The Farm Provides

I am not an off the grid homesteader by any stretch, but in the 16 years in the house, 6 apple trees, 2 Asian Pear trees, 3 peach trees (though only 1 survived), a plum, 8 blueberry bushes, thornless raspberries and thornless blackberries have been added. With this is the vegetable garden, growing potatoes, sweet potatoes, sugar snap peas, shelling peas, bush green beans, Pinto beans, cucumbers, 4 types of hot peppers, 4 types of tomatoes, Seminole pumpkins, and hopefully some corn. There is a grape vine, but for the second year in a row, something has gotten all of the grapes before they ripened for harvest. Last year I blamed the deer, but netted it this year and have found the chickens under the net, so I think they may be the culprits. The fields are surrounded with wineberries and wild blackberries. There is a coop with 13 mature hens. Though the berries don’t produce a lot, there are some to freeze for yogurt smoothies and enough wild berries to make a few jars of jam. The peach tree is full of ripening fruit, the apples and Asian pears also, though the deer keep them pruned fairly high.

Yesterday, the spring planted potatoes were dug and even after several meals worth having been dug around the edges, there were 46+ pounds of Kennebeck and Russet potatoes in varying size from slightly smaller than a golf ball to decent sized ones. The ones that are very small and the ones that were close enough to the surface to be greened with Solanine, will be replanted toward the end of the month for fall potatoes. The rest will be cured then packed in wood chips for storage. Most of the peas are already harvested and some frozen, but yesterday the harvest also provided more than 4 pounds of green beans to be processed into dilly beans or blanched and frozen for winter use. The second planting that was put in late last week are emerging, and there are still many beans developing on the first planting.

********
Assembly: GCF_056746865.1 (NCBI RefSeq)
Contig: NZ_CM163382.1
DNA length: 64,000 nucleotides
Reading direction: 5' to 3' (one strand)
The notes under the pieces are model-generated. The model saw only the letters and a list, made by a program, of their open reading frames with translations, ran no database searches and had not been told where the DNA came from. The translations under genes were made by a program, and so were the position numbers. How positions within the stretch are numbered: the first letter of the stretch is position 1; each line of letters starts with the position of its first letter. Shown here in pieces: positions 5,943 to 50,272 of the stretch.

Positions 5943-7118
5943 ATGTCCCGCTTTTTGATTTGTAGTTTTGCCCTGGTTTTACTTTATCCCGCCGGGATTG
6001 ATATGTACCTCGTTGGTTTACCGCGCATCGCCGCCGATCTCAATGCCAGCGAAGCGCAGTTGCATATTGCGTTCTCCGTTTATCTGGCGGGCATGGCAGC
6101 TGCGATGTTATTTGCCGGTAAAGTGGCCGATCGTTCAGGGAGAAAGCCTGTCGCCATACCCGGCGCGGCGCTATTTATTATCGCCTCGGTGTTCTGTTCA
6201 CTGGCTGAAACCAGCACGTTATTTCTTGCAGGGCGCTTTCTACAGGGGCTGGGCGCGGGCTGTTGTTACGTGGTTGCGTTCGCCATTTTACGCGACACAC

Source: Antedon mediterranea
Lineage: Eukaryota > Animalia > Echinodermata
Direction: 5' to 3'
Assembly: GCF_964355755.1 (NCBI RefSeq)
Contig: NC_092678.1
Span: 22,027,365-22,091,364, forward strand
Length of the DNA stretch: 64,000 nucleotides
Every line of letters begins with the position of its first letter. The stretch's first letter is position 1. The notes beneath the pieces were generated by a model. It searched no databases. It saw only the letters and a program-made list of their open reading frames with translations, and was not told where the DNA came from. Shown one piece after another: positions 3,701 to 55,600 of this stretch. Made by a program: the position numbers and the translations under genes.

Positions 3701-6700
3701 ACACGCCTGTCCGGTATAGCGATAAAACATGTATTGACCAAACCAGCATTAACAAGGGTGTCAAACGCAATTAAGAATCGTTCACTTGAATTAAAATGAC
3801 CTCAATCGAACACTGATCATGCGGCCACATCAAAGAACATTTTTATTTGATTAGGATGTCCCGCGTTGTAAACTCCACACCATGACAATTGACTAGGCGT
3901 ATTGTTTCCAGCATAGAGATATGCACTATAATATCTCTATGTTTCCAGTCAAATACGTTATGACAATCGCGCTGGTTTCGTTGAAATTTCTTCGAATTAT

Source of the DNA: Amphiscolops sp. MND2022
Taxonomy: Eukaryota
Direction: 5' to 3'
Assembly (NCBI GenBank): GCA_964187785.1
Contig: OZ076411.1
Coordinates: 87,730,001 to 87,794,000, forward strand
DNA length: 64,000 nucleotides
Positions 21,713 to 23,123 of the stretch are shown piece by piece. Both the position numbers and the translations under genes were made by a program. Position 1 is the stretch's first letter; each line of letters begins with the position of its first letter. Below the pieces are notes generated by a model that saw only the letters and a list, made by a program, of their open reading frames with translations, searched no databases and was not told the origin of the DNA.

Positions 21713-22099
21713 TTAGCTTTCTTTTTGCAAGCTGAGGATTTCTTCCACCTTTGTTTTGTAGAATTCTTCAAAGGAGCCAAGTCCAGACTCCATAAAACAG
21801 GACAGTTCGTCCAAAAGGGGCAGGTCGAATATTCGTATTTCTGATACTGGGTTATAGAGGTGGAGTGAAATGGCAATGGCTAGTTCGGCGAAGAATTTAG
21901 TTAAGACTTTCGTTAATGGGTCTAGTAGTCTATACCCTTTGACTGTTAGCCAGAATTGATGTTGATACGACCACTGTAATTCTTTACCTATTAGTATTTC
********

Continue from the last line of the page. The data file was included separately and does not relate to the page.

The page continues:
The chickens that went through two heat domes and three broodies, are back to providing a decent amount of eggs. Last night there were 11 from the 13 hens, so they will stay and produce until next year’s batch are raised and laying next spring. The molt in the late fall will halt production while they grow new feathers, and by then it will be cold enough that few eggs will be laid.

A fall seed order is being planned and ordered. With the little greenhouse purchased in early spring and the 12 foot fiberglass hoops that are currently holding up net over the blueberries, there will be two areas of protection for fall veggies to supplement the hydroponics that provide winter lettuce. Hopefully, the garden will continue to give until a hard freeze takes it out.

Now with the bees, in a year, we will have all the sweetener that will be needed for us. We don’t hunt, don’t care for wild game, don’t raise cattle, pigs, or meat chickens, so we will never be totally self sufficient, but the fruits, vegetables, eggs, and honey cut the grocery bill, especially with prices rising. With the Farmer’s Market, I can get whatever meat is needed as well as cornmeal, oatmeal, and whole wheat flour, cheese, and any breads I don’t want to bake. This keeps most of our groceries local, keeping me busy, and helping support the local farms. In the fall, when the You Pick blueberry farm near us opens, more berries will be added to the freezer for muffins and smoothies. Even the milk for the yogurt comes from a local dairy, packed in returnable glass bottles.

Today, the potatoes will be spread to cure, the beans processed for later use, and clean up of the dusty footprints from someone with very high arches that chose to dig in sandals last night.

I would love to hear your comments on this post.

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